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Fitness-to-practise: Your guide to interim orders

Healthcare regulation specialist Susan Hunneyball breaks down interim orders for pharmacy professionals, and what to do if you are issued with one

Interim orders are back in the news following information that the General Pharmaceutical Council (GPhC) is using its powers to suspend or impose interim conditions in its crackdown on distance selling pharmacies.

But what are they, and what are the steps you need to take if you find yourself on the receiving end of one?


What are interim orders and why should pharmacists be concerned?


According to the pharmacy order 2010, interim orders are the GPhC’s way of managing risks that may emerge because of fitness-to-practise concerns and can be either conditions on practice or a suspension.

The pharmacy order says an interim order can only be made if “it is necessary for the protection of members of the public or is otherwise in the public interest or is in the interests of the registrant.”

An interim order is a serious step as there is no decision on the allegations themselves; the interim order can be imposed where a pharmacist is later exonerated from any wrongdoing.

In deciding whether to impose an interim order, the GPhC must balance protection of the patients and the public interest with the impact of an order, including suspension, on the registrant.

The impact can be significant. For pharmacists who own their business in their own name, the effects can be particularly devastating as the impact of a suspension is that it is a suspension for all regulatory purposes, and this can affect a business’s inclusion in the pharmaceutical list.


What does the GPhC assess before making such a step?


Factors include:

  • the gravity of the concern – in other words, the seriousness of the matter, (eg a case where pharmacists were secretly filmed supplying prescription-only medicines without a prescription in a BBC Inside Out programme was held to be sufficiently serious by the High Court),
  • the nature of the evidence – although in a criminal matter, this does not mean that the police will have had to have made a decision to charge,
  • the seriousness of the risk of harm to patient or the wider public; domestic violence has been held not to pose such as risk,
  • whether public confidence in the pharmacy profession is likely to be seriously damaged if the pharmacy professional continues to practise without any restrictions,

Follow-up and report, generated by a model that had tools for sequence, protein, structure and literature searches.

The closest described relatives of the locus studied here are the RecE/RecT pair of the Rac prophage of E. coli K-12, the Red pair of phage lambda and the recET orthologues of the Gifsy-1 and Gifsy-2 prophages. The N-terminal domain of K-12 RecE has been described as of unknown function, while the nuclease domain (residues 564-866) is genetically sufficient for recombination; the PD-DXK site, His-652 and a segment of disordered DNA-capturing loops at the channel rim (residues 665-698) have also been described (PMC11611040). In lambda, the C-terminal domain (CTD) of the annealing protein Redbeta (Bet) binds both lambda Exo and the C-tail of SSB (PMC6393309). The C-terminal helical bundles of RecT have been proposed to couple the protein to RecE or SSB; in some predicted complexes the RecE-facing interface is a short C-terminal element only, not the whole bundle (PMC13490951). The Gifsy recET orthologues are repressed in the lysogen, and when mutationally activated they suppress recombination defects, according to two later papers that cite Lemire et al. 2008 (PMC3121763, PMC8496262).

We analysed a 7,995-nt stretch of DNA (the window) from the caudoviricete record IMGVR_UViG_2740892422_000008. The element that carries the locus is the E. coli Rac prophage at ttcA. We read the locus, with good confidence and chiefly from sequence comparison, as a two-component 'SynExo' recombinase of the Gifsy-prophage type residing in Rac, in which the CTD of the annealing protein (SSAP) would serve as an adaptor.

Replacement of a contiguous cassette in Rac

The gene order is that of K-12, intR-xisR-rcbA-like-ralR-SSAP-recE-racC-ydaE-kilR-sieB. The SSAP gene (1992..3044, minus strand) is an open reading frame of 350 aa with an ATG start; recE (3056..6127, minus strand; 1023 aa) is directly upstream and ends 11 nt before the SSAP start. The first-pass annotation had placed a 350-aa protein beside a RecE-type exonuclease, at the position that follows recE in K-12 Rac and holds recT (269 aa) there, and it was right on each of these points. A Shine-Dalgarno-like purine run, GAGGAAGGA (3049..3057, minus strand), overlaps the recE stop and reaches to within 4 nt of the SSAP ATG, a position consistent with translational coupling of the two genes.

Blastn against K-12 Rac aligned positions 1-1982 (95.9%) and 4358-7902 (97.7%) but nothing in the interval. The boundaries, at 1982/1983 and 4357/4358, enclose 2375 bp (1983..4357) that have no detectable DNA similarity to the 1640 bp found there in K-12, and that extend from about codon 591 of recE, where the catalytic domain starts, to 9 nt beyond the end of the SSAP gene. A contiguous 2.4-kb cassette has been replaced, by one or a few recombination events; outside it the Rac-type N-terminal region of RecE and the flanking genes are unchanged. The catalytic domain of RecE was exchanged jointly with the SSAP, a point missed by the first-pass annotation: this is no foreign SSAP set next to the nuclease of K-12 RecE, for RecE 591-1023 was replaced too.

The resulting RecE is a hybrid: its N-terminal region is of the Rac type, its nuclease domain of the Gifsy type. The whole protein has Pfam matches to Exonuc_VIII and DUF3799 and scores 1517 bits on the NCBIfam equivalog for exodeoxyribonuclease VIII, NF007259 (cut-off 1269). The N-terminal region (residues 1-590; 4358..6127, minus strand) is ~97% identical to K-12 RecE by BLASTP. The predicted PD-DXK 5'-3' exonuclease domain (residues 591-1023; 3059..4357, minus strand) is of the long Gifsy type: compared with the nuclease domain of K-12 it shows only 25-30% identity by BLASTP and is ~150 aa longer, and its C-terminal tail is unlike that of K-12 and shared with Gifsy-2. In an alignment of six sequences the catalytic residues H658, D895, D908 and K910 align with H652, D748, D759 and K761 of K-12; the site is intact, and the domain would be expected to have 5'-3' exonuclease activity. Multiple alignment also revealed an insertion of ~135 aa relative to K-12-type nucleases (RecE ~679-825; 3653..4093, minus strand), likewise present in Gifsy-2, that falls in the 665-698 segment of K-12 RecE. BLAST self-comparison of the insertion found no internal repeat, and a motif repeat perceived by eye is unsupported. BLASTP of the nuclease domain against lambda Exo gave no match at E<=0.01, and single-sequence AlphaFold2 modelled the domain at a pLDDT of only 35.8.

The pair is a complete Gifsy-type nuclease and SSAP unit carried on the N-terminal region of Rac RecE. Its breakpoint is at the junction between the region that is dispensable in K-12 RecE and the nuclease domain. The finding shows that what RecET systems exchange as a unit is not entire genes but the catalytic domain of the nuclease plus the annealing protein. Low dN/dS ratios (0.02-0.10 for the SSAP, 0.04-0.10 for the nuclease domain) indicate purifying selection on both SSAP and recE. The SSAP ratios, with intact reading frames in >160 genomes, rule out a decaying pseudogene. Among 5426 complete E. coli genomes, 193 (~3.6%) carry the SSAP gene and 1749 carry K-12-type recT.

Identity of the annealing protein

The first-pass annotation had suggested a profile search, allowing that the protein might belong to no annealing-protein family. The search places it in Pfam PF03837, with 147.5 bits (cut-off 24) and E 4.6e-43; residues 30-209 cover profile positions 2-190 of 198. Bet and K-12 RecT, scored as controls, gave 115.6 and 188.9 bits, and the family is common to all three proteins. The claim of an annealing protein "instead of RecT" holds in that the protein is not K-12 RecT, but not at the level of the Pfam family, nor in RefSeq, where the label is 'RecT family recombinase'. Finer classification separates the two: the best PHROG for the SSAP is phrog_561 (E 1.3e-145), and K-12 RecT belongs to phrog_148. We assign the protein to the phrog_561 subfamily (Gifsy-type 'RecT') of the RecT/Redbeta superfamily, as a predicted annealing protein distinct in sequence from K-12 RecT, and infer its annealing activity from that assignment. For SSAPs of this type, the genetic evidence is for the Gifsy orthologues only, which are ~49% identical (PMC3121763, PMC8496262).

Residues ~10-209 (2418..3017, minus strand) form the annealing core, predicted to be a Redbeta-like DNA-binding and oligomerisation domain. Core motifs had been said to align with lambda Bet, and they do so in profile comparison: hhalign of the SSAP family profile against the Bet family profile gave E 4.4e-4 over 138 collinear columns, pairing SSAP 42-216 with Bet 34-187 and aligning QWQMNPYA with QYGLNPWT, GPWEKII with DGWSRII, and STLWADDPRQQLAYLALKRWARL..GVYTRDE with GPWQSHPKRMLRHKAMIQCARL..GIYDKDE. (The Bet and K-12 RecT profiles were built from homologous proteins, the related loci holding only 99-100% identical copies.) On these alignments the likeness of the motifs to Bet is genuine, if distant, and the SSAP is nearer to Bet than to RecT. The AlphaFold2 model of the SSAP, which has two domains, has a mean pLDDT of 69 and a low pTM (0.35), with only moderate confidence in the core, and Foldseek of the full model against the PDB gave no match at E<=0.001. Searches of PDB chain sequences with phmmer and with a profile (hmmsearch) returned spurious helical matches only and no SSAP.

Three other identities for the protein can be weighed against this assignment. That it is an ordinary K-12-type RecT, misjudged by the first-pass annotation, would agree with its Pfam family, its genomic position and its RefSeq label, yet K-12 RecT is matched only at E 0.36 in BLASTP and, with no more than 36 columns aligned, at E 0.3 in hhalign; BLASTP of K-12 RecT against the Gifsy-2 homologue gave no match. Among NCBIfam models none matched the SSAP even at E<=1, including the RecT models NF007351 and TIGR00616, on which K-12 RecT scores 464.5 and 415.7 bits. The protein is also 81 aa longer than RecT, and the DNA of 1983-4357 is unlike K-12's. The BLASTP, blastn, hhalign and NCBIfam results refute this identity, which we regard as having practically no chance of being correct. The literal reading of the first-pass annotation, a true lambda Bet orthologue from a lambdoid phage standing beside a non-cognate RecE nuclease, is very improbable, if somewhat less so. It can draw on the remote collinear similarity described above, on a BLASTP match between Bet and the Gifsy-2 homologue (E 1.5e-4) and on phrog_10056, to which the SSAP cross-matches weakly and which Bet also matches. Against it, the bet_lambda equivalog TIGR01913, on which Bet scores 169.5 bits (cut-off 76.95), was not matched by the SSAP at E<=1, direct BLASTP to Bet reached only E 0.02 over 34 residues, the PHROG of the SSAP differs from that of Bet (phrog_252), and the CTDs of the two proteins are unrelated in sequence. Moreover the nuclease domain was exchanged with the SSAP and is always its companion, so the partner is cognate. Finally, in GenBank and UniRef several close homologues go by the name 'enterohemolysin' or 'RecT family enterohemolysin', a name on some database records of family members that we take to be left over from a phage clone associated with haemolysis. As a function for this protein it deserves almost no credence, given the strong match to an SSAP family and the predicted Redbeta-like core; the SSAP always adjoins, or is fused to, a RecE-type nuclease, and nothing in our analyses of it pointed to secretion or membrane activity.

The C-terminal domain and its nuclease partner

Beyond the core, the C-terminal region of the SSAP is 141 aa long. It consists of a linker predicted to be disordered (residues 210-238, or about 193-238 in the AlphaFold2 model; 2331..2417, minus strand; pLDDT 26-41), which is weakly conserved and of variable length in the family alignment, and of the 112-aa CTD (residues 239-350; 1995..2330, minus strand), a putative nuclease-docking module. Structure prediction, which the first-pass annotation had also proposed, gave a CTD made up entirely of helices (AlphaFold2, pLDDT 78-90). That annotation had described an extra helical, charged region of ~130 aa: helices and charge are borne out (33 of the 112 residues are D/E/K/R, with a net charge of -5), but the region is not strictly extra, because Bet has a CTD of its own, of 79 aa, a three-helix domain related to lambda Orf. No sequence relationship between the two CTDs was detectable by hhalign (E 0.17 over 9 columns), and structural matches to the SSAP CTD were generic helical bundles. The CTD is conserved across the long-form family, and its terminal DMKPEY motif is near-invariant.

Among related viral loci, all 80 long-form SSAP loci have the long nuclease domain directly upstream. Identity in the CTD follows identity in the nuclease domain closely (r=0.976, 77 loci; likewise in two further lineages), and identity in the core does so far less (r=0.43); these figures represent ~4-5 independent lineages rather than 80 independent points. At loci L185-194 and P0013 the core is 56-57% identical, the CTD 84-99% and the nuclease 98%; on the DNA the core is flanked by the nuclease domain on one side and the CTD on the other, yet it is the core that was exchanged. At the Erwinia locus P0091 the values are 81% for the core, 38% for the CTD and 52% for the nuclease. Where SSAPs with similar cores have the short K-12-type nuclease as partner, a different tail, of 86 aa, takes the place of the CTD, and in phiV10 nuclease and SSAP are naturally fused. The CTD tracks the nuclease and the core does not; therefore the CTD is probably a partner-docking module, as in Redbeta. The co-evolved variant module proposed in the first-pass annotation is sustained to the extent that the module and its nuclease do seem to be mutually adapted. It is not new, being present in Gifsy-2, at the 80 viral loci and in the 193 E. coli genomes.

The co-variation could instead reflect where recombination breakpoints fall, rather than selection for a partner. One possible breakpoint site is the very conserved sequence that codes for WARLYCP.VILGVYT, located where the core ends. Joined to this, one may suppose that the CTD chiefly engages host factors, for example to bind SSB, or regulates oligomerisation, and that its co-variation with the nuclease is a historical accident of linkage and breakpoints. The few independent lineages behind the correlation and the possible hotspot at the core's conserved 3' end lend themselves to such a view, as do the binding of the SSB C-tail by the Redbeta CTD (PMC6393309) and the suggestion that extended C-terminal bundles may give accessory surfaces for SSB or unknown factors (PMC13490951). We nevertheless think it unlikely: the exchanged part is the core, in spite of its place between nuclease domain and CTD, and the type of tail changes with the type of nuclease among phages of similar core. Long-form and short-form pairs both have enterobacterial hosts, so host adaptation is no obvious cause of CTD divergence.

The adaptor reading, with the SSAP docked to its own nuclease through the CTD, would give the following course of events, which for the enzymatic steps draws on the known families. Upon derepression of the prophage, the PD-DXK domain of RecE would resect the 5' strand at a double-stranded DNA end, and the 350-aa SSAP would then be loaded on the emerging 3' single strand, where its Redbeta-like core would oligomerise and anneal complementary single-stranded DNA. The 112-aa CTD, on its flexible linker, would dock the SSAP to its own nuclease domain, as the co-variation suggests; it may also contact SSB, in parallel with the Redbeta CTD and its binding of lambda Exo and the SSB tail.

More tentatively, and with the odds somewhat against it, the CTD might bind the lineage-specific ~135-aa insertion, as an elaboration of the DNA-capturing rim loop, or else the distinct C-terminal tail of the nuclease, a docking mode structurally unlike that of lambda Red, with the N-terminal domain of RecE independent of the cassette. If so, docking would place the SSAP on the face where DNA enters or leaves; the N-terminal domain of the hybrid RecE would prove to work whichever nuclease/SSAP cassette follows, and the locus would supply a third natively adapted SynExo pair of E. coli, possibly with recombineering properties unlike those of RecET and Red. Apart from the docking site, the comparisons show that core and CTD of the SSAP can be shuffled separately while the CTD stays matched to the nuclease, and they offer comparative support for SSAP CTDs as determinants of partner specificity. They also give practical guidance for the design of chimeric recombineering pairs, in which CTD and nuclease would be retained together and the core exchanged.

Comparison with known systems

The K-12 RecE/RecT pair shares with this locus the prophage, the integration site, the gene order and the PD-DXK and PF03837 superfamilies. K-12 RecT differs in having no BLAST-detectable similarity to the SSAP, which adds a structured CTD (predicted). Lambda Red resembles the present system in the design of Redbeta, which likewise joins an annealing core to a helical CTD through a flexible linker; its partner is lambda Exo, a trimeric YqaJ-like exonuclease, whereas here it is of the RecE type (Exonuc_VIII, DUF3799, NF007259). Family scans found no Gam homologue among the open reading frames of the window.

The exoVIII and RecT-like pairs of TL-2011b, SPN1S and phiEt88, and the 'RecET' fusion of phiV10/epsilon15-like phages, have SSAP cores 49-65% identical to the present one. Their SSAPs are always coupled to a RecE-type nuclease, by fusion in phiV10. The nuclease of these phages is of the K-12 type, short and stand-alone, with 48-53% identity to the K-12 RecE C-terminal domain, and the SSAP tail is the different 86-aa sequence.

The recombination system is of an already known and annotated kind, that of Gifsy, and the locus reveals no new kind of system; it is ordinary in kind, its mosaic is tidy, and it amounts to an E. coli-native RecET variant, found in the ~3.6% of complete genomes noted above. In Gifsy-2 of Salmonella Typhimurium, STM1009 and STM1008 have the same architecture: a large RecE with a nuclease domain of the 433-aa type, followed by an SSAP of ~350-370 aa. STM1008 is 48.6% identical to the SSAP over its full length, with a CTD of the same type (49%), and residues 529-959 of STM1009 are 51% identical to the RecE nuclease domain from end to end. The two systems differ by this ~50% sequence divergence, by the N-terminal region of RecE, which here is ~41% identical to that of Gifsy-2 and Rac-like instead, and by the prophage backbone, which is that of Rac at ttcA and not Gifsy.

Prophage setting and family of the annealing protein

• whether it is in the pharmacy professional’s interests to hold unrestricted registration – this ground can be used in cases where there are addiction issues.


How long will the order last?


The order will usually last until the case comes before a full fitness-to-practise committee. However, there are statutory safeguards against a tick-box continuation of the order.

The maximum time for which an interim order can be imposed is 18 months and the GPhC has to review the case every six months. After 18 months, the order has to be scrutinised by the High Court, which can lead to its termination.

For example, in one case where there were issues relating to controlled drugs, the High Court conducted its own balancing exercise after a suspension had been imposed for three years. The court considered that, given the delays in investigating, it was no longer in the public interest for the suspension to be maintained.

The Scottish equivalent of the Court of Appeal confirmed in August that when the extension of an interim order is considered by the court, the role of the court is “not simply to rubber stamp the decision of the tribunal” but to examine the matter afresh.

In fact, the interim suspension in that case, concerning a doctor charged with preparation of terrorist acts involving the New IRA, was extended as it met the statutory criteria and was proportionate.

The Professional Standards Authority’s most recent review of fitness-to-practise procedures showed a decline in dealing with cases in a timely manner. This is a significant concern as it can mean that pharmacists could be subject to interim orders for a lengthy period of time.


What should you do if you are at risk of receiving an interim order?


  • The email address used for service will be the one you have given to the GPhC for registration. The notice of interim order will be served at short notice – normally around seven days. Make sure your contact details are up to date with the GPhC to prevent communications going astray. All is not lost though – I have successfully argued that reasonable notice runs from when the notice was effectively delivered and opened.
  • Seek advice as soon as possible. Contact indemnity providers or solicitors as there will be much to prepare in very little time.
  • Think about the effect of an order on you personally and your business. Also consider the positive elements of your work and personal history so that the committee can be told about them.
  • Accept that this is not the day on which the alleged facts will be tested. The interim order hearing does not make findings of fact – that exercise will take place at the full hearing of the fitness-to-practise committee.
  • Be prepared that a decision may be made on the day of the hearing, which may mean that you cannot work as a pharmacist on the next day.

The final point is that these are appealable decisions. If it is thought that the decision reached by the fitness-to-practise committee is not proportionate or is otherwise incorrect, then there is a route for an appeal to the High Court in England and Wales or the equivalent in Scotland.


Susan Hunneyball is a partner at Gordons Partnership law firm.


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